Yazzie v. State of New Mexico – a case that includes a number of families and the Cuba, Gallup, Lake Arthur, Moriarty/Edgewood, Rio Rancho and Santa Fe school districts – claims the lack of education money disproportionately impacts students who are low-income, Native Americans or English Language Learners.
Today, the New Mexico Center on Law and Poverty will request a summary judgment on behalf of the group during a pretrial hearing.
Yazzie v. State of New Mexico was filed in March 2014 and eventually consolidated with Martinez v. State of New Mexico, which makes similar claims.
Martinez v. State of New Mexico was spearheaded by the Mexican American Legal Defense and Educational Fund and includes parents and children from Española, Santa Fe, Albuquerque, Zuni, Magdalena, Las Cruces and Gadsden. The consolidated lawsuit goes to trial on June 12.
While the funding problem predates the current state leadership, Edward Tabet-Cubero, executive director of New Mexico Center on Law and Poverty, said things have gotten worse under Gov. Susana Martinez. Districts went through two rounds of budget cuts during the current fiscal year, including a reduction in their cash reserves.
At the same time, the Martinez administration “panders to corporations” and blames teachers for New Mexico’s poor academic performance, according to Tabet-Cubero.
“Regardless of what the governor wants to do with her blame game, we don’t blame the teachers,” he said during a conference call with news media Friday.
Tabet-Cubero feels the central issue is whether the state is providing valuable enrichment opportunities equitably to all students.
He cited the K-3 Plus summer program, which offers an additional 25 days of school for kids in kindergarten through third grade.
Launched nearly a decade ago, K-3 Plus is funded across the state through a grant distributed by the New Mexico Public Education Department. Recently, PED reduced the grant funding, leading Albuquerque Public Schools to announce that it would drop 20 schools sites and cap total enrollment at about 3,000 students, compared with about 5,000 last year.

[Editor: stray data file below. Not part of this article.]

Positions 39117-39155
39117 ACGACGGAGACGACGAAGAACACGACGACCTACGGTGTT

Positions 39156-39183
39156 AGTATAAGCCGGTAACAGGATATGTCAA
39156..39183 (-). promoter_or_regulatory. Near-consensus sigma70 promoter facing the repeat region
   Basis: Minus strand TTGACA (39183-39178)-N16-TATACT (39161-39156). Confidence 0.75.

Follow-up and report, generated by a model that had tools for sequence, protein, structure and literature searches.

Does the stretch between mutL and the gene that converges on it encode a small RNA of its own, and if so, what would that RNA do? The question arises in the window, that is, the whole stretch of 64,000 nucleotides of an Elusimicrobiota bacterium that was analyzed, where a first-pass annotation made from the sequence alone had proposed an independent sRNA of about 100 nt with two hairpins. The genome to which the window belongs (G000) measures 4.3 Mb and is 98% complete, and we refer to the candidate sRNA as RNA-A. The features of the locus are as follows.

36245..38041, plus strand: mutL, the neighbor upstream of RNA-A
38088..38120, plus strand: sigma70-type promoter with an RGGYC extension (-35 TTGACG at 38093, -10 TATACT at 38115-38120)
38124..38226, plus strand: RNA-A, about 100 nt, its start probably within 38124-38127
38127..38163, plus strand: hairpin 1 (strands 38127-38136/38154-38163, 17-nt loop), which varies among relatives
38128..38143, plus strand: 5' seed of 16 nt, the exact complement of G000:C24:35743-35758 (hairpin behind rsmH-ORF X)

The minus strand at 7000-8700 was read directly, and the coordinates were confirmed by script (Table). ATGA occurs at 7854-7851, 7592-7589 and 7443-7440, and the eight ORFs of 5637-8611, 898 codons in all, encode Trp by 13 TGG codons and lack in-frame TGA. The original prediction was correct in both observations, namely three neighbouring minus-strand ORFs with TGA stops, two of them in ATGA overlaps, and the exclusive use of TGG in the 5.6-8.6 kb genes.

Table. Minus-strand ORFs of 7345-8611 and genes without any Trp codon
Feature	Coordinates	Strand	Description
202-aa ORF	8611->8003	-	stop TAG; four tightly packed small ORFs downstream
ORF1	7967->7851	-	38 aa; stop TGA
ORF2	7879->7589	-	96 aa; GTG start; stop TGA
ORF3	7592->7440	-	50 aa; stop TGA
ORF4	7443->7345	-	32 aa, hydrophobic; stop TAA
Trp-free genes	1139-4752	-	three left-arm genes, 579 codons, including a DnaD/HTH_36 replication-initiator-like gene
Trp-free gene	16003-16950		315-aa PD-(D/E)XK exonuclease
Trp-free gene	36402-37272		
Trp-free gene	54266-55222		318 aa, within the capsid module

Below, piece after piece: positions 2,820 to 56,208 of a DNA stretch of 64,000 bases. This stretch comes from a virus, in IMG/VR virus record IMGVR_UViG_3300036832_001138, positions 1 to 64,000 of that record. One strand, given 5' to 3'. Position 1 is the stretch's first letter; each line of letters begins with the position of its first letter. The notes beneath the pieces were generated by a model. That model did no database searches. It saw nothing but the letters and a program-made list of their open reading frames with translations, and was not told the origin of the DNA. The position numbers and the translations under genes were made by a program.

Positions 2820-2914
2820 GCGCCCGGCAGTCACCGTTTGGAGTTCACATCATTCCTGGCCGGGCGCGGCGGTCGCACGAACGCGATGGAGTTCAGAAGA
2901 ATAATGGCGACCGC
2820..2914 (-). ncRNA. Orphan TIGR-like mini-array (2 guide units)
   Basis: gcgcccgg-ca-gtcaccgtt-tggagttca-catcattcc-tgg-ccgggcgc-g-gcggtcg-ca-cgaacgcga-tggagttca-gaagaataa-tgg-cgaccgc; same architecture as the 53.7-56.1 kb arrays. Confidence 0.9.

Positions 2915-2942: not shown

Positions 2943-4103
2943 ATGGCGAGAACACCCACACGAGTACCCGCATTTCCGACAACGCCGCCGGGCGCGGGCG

PED has said other districts have found alternative funding sources to maintain K-3 Plus.
In an emailed statement, PED spokeswoman Lida Alikhani also pushed back on the lawsuit’s claims, calling them “flat-out wrong.”
“The fact is, we are spending more on education than ever before – with more dollars going into the classroom – and have implemented bold reforms that help struggling students learn,” she said.
“Let’s be clear: These political activists are only suing because they want to preserve the status quo, and we are the only ones standing in their way.”
Veronica Garcia, superintendent of Santa Fe Public Schools, countered that funding has gone up incrementally over years but is still far from “sufficient” – the standard laid out in the state constitution.
She and Tabet-Cubero believe that districts should receive an additional $600 million, though it would be up to the judge to decide how much more is needed if the lawsuit is decided for the plaintiffs.
A spokesman for the National Education Association of New Mexico, a union that represents teachers in many of the school districts involved in the lawsuit, said Education Secretary Hanna Skandera is “disconnected from the realities most New Mexicans know: our public schools are not sufficiently funded.”
“Every day she sounds more Trumpian with her name-calling,” said Charles Goodmacher, NEA-NM government and media relations director. “She posits that she alone knows what is best. Ivory tower arrogance. What a different legacy she might leave were she to fully embrace every effort to champion sufficient funding for our public schools!”
The case will hinge on the meaning of “sufficient” funding, Tabet-Cubero said, but even if the court does not find in their favor, the center is prepared to lead an appeal.
“We are in this for the long game,” he said.